It’s a challenge to keep a level head. To be a good skeptic means to realize that an organization can be flawed, corrupt even, but it doesn’t mean that all the people whose work it has drawn on have produced junk science.

When a government tries to convince its electorate that it has produced amazing economic results by stretching or inventing a few statistics, does this mean the statisticians working for that government are all corrupt, or even that the very science of statistics is clearly in error?

Most people wouldn’t come to that conclusion.

Politics and Science

But in climate science it’s that much harder because to understand the science itself takes some effort. The IPCC is a political body formed to get political momentum behind action to “prevent climate change”. Whereas climate science is mostly about physics and chemistry.

They are a long way apart.

For myself, I believe that the IPCC has been bringing the science of climate into disrepute for a long time, despite producing some excellent work.  It has claimed too much certainty about what the science can predict. Tenuous findings that might possibly show that a warmer world will lead to more problems are pressed into service. Findings against are ignored.

This causes a problem for anyone trying to find out the truth.

It’s tempting to dismiss anything that is in an IPCC report because of these obvious flaws – and they have been obvious for a long time. But even that would be a mistake. Much of what the IPCC produces is of a very high quality. They have a bias, so don’t take it all on faith..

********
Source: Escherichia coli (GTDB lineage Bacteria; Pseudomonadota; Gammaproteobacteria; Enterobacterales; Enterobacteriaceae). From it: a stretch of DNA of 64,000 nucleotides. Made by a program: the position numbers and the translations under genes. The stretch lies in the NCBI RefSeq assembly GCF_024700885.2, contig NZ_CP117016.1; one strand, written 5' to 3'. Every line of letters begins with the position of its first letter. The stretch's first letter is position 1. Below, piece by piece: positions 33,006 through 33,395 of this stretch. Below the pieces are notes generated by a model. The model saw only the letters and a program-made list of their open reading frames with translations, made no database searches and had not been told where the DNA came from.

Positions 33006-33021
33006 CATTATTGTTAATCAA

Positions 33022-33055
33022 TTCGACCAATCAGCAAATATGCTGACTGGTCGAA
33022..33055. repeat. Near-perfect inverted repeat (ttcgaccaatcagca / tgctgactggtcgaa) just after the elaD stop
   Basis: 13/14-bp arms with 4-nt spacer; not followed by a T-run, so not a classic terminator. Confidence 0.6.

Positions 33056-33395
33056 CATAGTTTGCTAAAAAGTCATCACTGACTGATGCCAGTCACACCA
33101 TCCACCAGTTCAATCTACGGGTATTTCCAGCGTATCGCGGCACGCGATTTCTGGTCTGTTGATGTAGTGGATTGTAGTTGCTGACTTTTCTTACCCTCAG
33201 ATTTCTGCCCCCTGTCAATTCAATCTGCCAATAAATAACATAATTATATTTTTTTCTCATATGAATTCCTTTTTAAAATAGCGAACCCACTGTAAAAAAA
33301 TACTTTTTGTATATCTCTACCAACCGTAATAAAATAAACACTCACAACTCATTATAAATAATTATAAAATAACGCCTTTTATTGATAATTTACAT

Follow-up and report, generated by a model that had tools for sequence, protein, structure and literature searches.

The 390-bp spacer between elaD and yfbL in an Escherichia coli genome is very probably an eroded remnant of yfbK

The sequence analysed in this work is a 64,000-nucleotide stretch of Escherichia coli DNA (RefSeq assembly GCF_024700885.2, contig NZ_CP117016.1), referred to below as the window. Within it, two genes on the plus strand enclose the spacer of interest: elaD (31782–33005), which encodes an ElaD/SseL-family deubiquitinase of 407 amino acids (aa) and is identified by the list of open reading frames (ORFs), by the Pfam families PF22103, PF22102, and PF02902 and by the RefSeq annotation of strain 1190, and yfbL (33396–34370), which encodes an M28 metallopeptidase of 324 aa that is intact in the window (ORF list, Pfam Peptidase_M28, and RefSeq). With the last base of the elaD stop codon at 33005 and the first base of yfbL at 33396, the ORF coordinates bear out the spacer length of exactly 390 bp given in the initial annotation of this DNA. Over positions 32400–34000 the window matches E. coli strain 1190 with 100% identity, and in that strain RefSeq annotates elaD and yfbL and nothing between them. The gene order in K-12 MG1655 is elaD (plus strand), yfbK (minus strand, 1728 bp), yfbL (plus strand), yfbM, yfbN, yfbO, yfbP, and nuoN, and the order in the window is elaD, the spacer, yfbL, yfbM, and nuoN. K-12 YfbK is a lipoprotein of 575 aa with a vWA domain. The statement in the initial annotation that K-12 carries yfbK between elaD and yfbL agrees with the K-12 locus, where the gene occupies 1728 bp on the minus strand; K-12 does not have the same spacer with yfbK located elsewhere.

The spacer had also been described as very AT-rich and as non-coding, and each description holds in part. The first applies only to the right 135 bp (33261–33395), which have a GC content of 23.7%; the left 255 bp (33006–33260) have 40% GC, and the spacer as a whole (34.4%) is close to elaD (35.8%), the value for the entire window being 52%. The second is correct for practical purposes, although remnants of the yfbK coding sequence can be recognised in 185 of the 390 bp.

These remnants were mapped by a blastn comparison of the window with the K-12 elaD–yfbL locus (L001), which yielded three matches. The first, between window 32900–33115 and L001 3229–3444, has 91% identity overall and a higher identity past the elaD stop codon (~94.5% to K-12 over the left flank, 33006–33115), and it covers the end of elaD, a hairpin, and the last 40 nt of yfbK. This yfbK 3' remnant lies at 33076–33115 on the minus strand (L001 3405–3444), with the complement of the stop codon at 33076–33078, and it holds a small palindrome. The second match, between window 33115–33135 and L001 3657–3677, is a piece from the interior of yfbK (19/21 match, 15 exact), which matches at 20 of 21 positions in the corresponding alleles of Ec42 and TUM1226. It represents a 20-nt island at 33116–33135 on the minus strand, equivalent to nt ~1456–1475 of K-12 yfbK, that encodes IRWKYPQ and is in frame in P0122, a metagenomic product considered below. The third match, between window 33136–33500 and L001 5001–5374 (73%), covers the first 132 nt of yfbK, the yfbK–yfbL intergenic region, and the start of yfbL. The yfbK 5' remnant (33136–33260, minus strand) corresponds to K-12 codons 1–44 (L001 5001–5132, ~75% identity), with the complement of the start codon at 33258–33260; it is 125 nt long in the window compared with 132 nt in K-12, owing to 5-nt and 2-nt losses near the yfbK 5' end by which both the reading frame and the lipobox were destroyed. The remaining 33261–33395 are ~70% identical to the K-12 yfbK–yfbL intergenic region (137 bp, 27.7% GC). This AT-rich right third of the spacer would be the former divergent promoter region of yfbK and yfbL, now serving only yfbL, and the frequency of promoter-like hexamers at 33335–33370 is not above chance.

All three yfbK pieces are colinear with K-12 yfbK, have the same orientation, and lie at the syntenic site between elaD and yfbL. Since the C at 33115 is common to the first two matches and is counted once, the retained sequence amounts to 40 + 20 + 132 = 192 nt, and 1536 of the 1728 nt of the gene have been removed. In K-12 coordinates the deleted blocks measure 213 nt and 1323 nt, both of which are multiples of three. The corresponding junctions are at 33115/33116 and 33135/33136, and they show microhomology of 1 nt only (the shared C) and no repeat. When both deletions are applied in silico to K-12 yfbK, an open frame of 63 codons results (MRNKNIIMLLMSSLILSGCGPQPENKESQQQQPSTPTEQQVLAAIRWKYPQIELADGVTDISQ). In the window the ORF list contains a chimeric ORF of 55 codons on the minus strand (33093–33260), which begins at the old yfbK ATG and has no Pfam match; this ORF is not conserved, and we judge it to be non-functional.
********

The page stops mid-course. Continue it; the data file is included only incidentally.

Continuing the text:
The Easy Answer

Find a group of people you like and just believe them.

The Road Less Travelled

My own suggestion, for what it’s worth, is to put time into trying to get a better understanding of climate science. Then it is that much easier to separate fact from fiction. One idea – if you live near a university, you can visit their library and probably find a decent entry-level book or two about climate science basics.

Another idea – for around $40 you can purchase Elementary Climate Physics by Prof. F.W. Taylor – from http://www.bookdepository.co.uk/ – free shipping around the world. Amazing. And I don’t get paid for this advert either, not until I work out how to get adverts down the side of the blog. It’s an excellent book with some maths, but skip the maths and you will still learn 10x more than reading any blog including mine.